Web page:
Bell dominant in Triple-A debut

Angels prospect tosses two-hitter, strikes out four

Trevor Bell went 4-3 with a 2.23 ERA in 11 starts at Double-A Arkansas. (Bill Mitchell/Four Seam Images)

By Brittany Ghiroli / Special to | June 16, 2009 9:22 PM ET

Trevor Bell had trouble sleeping Monday night on the eve of his Triple-A debut.

"I was definitely nervous," he admitted. "All I wanted to do was throw strikes, pretty much."

If Bell has trouble hitting the hay following Tuesday's performance, it will be for an entirely different reason.

The 22-year-old right-hander tossed a masterful two-hit shutout Tuesday, leading the Salt Lake Bees to a 1-0 blanking of the Colorado Spring Sky Sox.

As souvenirs of his first Pacific Coast League start, Bell got the game's lineup card and ball, which he plans to send home to his father, concrete proof of a dream-like night.

Selected by the Angels in the first round of the 2005 First-Year Player Draft, Bell started the season with Double-A Arkansas. After 11 starts, the California native was promoted and given a chance to test his numbers -- 4-3 with a 2.23 ERA -- at the next level.

"I wasn't really sure what to expect," he said of facing Triple-A hitters, including a handful with Major League experience, for the first time.

But after the initial shock and first-inning outs were in the books, the newest Bee and batterymate Bobby Wilson looked like a veteran combination.

"We were on the same page," Bell said. "I think I shook [Wilson] off maybe once."

Mixing a healthy fastball with Bell's slider and changeup, the pair kept the Sky Sox at bay. Bell faced the minimum 27 batters, did not issue a walk and threw 67 of an economical 96 pitches for strikes.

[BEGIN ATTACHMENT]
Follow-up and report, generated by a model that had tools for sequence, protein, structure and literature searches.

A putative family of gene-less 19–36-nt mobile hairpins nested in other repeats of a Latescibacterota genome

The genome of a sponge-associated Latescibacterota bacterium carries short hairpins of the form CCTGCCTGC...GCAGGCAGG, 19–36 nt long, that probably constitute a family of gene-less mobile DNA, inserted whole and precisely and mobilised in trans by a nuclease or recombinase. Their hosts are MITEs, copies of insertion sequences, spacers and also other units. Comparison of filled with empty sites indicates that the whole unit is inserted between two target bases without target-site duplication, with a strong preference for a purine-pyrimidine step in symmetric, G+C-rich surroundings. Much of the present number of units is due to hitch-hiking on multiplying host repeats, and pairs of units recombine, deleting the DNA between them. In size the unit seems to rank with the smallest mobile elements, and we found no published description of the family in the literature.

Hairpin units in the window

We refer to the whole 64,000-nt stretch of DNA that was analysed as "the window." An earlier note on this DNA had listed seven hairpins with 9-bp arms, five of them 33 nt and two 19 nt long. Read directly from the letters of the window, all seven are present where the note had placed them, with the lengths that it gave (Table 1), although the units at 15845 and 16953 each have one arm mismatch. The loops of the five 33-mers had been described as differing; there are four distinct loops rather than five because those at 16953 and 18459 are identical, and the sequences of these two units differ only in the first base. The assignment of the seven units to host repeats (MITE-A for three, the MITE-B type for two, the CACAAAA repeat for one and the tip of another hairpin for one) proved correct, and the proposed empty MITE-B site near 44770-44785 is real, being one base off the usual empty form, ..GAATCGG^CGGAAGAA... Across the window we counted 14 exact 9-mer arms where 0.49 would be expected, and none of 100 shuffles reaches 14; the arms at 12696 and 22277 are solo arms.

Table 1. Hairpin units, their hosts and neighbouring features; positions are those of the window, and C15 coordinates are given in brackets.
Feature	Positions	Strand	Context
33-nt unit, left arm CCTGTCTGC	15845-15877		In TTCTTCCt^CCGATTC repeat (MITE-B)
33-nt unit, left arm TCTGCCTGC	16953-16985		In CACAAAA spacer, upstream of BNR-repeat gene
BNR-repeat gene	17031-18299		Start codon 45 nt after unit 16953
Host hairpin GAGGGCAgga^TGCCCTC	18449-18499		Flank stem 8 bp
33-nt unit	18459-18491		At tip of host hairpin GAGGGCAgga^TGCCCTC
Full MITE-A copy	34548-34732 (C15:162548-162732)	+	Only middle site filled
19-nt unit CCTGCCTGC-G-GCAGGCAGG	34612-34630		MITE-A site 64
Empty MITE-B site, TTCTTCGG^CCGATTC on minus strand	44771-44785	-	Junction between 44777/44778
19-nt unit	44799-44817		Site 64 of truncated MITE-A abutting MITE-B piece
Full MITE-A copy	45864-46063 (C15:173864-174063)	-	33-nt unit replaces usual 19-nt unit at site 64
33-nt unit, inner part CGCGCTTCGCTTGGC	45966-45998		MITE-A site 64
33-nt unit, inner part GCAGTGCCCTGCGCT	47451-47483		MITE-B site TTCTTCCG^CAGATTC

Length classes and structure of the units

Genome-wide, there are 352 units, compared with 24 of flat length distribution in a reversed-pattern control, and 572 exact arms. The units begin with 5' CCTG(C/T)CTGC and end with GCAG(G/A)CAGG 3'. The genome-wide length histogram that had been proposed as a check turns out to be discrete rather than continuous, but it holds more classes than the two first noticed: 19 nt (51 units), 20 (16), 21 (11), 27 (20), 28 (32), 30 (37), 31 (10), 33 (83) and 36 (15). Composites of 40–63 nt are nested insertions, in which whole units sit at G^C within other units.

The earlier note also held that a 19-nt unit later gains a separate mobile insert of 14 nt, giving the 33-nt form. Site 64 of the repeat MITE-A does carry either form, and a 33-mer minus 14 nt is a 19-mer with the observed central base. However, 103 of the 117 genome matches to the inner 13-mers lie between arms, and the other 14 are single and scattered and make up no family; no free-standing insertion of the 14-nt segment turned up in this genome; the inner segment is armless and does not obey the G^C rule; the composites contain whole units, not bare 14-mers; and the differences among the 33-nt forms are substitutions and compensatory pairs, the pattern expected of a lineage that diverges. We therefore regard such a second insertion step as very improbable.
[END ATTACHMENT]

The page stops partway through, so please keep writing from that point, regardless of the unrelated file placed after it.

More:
Despite the dazzling debut, Bell remains focused on the future. He cited several improvements he can make with his pitches and said he still has his work cut out for him.

As for when that next -- and final -- promotion may come, Bell maintained a singular approach.

"Each step is a new time and when you try to think ahead, that's when you get in trouble," he said. "So I'm trying not to think about [getting to the Majors]."

Instead, Bell will check the Angels' Tuesday night box score with another debut in mind: Sean O'Sullivan's.

"He's a good buddy of mine," Bell said of the right-hander, who won his first big league outing, 8-1.

And while's early headline fittingly read "Poised O'Sullivan earns win in debut," it easily could have described Bell.

Brittany Ghiroli is a contributor to This story was not subject to the approval of the National Association of Professional Baseball Leagues or its clubs.

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